Thursday, May 17, 2012

My Secret Weapon: Lemon Oil

We're still playing with duct tape over here.  And Ella keeps sneaking "3 rolls of duct tape" onto my shopping list.  It's craft crack, I tell you.

If you made a wallet or if you've ever had to cut duct tape before, you'll learn very quickly not to use your good scissors.  It leaves some nasty gunk on the blades.  Since we don't want to have to buy new scissors every time we cut tape, I needed something to get all of that gunk off.  I know there are commercial products specifically for this, and I'm sure there are recipes for homemade stuff, but I am all about finding the simplest solution.  Meet my secret weapon . . .

 Lemon Oil

I already had a bottle of this in the house, because I use it in my homemade cleaners.  And sugar scrubs.  And a few drops in the rinse makes my towels smell oh-so-nice.  But back to the gunk.

These are the scissors I use for cutting herbs and sometimes for pruning my tomato plants.  Ignore the dark stains on them.  I am quite neglectful of these poor scissors.  Anyway, dark stains aside, you can see, especially on that top blade, a lot of residue that came from cutting tape.


All I did was put a drop of lemon oil directly on the blade, then I rubbed it with a cloth or dish towel.  if it was especially stuck on there (like if I forgot about it and left them out for several days before cleaning them), then I  might need an extra drop or two of oil and maybe I might have to wet the cleaning cloth.  But really, that's it.  It doesn't even take much scrubbing.  Just a few swipes and the scissors are clean and yummy smelling.

Smooth, baby.  Smooth.  

Lemon oil is also great for getting the sticky glue off glass jars after you remove the labels.  Just rub a few drops directly on the sticky part of the jar, and rub over it with your fingers.  You might need to leave it on there for a few minutes (or longer) to let the oil do its magic.  Then rub the jar with a wet cloth.  You might need to do this process a few times to get it all.  But even then, it doesn't use a lot of the oil.  I find these bottles of lemon oil last forever, and for under $6 it really is my new favorite cleaning tool.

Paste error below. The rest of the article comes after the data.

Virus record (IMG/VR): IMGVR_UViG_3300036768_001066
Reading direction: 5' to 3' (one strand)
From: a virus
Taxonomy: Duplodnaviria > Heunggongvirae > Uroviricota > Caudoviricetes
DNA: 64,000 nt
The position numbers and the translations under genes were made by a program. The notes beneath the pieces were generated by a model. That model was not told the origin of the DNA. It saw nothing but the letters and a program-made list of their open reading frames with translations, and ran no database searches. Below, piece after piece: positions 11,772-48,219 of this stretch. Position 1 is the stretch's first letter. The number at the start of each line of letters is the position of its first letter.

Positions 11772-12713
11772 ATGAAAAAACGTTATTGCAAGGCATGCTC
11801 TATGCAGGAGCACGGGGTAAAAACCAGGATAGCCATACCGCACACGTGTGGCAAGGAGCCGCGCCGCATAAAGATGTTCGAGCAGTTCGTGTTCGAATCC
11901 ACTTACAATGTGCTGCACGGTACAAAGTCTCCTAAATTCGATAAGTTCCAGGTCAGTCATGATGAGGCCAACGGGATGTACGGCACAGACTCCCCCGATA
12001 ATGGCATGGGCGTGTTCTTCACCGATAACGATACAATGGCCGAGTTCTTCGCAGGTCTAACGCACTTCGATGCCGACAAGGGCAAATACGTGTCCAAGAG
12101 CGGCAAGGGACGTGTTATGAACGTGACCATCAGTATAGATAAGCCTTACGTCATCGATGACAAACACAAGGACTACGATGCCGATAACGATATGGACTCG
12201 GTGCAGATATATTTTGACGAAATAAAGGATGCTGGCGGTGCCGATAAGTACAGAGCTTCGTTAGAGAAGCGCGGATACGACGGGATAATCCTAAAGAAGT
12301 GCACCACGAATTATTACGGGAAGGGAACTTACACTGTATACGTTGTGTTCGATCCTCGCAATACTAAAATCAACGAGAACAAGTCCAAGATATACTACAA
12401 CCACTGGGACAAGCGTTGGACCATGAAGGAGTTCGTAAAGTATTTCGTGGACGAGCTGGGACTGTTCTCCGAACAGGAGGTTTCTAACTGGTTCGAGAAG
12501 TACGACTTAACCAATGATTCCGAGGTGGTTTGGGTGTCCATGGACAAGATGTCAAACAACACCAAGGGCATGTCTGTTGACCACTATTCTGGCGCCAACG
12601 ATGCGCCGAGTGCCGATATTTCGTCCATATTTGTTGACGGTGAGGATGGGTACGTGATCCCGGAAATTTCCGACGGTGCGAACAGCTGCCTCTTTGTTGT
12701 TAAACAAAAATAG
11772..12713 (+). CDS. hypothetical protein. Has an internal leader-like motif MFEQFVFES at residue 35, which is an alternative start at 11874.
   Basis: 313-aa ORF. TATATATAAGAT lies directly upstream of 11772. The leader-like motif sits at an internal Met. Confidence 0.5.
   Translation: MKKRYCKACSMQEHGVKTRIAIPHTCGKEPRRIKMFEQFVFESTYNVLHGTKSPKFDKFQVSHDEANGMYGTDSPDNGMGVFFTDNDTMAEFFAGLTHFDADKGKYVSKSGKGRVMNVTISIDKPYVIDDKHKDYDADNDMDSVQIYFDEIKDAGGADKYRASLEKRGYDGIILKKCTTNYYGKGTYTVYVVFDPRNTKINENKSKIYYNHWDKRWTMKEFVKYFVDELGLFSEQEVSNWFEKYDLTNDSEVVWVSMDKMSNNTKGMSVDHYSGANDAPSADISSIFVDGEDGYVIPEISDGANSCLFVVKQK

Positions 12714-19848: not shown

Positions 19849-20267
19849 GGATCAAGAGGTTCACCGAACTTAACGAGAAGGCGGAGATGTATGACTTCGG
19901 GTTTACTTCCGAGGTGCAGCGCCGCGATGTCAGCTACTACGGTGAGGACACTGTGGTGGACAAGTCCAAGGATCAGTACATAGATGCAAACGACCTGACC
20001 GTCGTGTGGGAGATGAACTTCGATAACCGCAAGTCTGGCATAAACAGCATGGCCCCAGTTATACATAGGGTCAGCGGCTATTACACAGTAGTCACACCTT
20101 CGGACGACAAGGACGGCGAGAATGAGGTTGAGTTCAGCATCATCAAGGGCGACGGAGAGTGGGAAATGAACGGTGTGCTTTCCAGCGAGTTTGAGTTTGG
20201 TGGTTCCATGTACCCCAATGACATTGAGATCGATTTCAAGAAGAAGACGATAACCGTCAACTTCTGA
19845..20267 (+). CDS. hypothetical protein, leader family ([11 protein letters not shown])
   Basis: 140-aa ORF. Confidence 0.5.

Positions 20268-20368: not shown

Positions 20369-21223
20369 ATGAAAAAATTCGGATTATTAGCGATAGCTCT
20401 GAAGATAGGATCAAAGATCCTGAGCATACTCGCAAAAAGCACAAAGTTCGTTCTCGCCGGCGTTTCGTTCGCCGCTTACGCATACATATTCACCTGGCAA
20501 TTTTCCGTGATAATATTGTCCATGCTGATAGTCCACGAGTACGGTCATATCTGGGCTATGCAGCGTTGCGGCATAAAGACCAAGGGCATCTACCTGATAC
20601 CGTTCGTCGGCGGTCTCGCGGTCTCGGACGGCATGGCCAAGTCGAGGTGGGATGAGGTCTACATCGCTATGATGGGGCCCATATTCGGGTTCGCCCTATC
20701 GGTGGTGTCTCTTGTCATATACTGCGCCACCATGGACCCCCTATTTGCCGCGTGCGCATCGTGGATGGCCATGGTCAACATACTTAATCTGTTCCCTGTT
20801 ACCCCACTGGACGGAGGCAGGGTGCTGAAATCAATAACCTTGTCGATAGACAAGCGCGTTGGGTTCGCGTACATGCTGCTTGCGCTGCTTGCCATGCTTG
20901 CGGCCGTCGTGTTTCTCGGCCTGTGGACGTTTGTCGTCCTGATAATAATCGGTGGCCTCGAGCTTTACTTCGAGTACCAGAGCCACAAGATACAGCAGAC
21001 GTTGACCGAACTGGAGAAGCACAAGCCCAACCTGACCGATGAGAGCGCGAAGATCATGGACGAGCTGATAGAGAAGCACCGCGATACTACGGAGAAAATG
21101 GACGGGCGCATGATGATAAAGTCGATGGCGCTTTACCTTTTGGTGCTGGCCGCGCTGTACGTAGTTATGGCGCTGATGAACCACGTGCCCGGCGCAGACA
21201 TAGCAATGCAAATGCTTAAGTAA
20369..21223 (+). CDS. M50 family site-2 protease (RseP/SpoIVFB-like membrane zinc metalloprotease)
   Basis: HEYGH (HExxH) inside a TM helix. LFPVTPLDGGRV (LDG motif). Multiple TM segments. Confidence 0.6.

Do you use lemon oil, and do have another use for it?


  1. I use CitraSolv in my cleaning solutions, which is orange oil, so pretty similar. Another great use? If a wasp gets into the house, spraying it with a stream of orange oil (from far away)--or any oil, really--will gum up its breathing and kill it, without any nasty pesticides. I leave the outside ones alone, of course, but if one is in the house, it's got to go. (My 10yo feels I should get a piece of paper and a cup and trap it and bring it outside, but I'm just not willing to get that close to a trapped, angry wasp.)

    1. Oh, no I wouldn't be trapping them inside either! Angry wasps are bad news.


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